In case we needed another reminder of the power of social networks, think about this as you go to the polls tomorrow: Updating your Facebook status to say that you voted makes it way more likely that your friends will vote, and that your friends’ friends will vote and that your friends’ friends’ friends will vote. This according to an amazing study that came out in Nature earlier this year by political scientist James Fowler and his colleagues at UC San Diego.
I had the chance to see Fowler talk about the study at a conference I attended in May (video below) and was completely blown away by him and his data. He and his colleagues looked at the Facebook activities of more than 60 million Americans during the 2010 elections and found that posting an “I Voted” button on your profile made it more likely that people you’ve never met would be more likely to vote.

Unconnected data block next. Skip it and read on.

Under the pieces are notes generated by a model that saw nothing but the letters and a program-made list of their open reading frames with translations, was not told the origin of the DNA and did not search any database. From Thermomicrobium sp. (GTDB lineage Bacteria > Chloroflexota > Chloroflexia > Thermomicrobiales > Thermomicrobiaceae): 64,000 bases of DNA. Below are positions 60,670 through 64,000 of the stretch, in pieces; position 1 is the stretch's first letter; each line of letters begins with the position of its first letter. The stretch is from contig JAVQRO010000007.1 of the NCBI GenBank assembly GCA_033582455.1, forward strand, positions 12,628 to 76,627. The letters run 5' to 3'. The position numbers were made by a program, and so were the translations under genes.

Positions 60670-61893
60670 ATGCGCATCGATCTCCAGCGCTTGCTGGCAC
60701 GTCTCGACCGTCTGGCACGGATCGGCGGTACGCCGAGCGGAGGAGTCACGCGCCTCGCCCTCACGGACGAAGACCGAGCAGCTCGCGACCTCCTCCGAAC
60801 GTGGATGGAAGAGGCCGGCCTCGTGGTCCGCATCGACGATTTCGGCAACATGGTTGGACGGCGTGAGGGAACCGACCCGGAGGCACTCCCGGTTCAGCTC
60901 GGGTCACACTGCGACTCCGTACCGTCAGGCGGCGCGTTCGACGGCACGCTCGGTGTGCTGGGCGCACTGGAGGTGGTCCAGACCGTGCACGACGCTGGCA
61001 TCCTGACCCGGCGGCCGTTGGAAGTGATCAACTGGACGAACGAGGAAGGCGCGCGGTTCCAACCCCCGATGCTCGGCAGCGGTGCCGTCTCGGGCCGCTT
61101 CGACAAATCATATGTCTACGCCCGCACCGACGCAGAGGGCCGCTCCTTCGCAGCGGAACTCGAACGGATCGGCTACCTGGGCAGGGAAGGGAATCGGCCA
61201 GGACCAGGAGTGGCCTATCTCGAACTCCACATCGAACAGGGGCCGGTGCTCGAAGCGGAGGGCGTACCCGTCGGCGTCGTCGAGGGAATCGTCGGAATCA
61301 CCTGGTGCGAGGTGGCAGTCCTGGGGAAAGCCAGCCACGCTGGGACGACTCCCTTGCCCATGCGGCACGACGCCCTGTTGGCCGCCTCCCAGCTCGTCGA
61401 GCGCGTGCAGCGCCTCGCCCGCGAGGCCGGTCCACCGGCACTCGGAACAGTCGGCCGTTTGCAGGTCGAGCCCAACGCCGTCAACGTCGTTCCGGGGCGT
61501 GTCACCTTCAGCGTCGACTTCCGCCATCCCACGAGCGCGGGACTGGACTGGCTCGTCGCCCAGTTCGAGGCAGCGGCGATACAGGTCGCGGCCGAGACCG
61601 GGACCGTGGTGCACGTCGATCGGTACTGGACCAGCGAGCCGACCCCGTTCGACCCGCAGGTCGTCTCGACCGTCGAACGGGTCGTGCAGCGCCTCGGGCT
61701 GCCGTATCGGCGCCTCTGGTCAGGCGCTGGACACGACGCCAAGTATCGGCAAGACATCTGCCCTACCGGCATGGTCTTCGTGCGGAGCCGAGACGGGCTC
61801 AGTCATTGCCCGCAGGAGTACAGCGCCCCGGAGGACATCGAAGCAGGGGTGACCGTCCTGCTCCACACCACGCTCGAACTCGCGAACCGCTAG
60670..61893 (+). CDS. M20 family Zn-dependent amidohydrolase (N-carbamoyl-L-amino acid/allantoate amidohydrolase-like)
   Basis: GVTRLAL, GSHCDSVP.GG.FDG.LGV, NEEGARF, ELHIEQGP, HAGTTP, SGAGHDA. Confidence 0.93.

“There has been a lot of interest in how online behavior affects other online behaviors. There has been a lot of interest in how real-world behaviors affect other real-world behaviors. What we have shown here is that those two worlds are not separate: the online world and the real world affect one another. And in this case, we find that this message that started online, that spread online, actually affected real-world behavior. It got a third of a million people to the polls.”
Pretty amazing. So after you pull the lever tomorrow for your candidates of choice, log into Facebook and remember that simply by updating your status you’re getting more people to head to the polls.
(Fowler on the Colbert Report)
(Fowler at the Activate Networks Summit here in Boston in May 2012)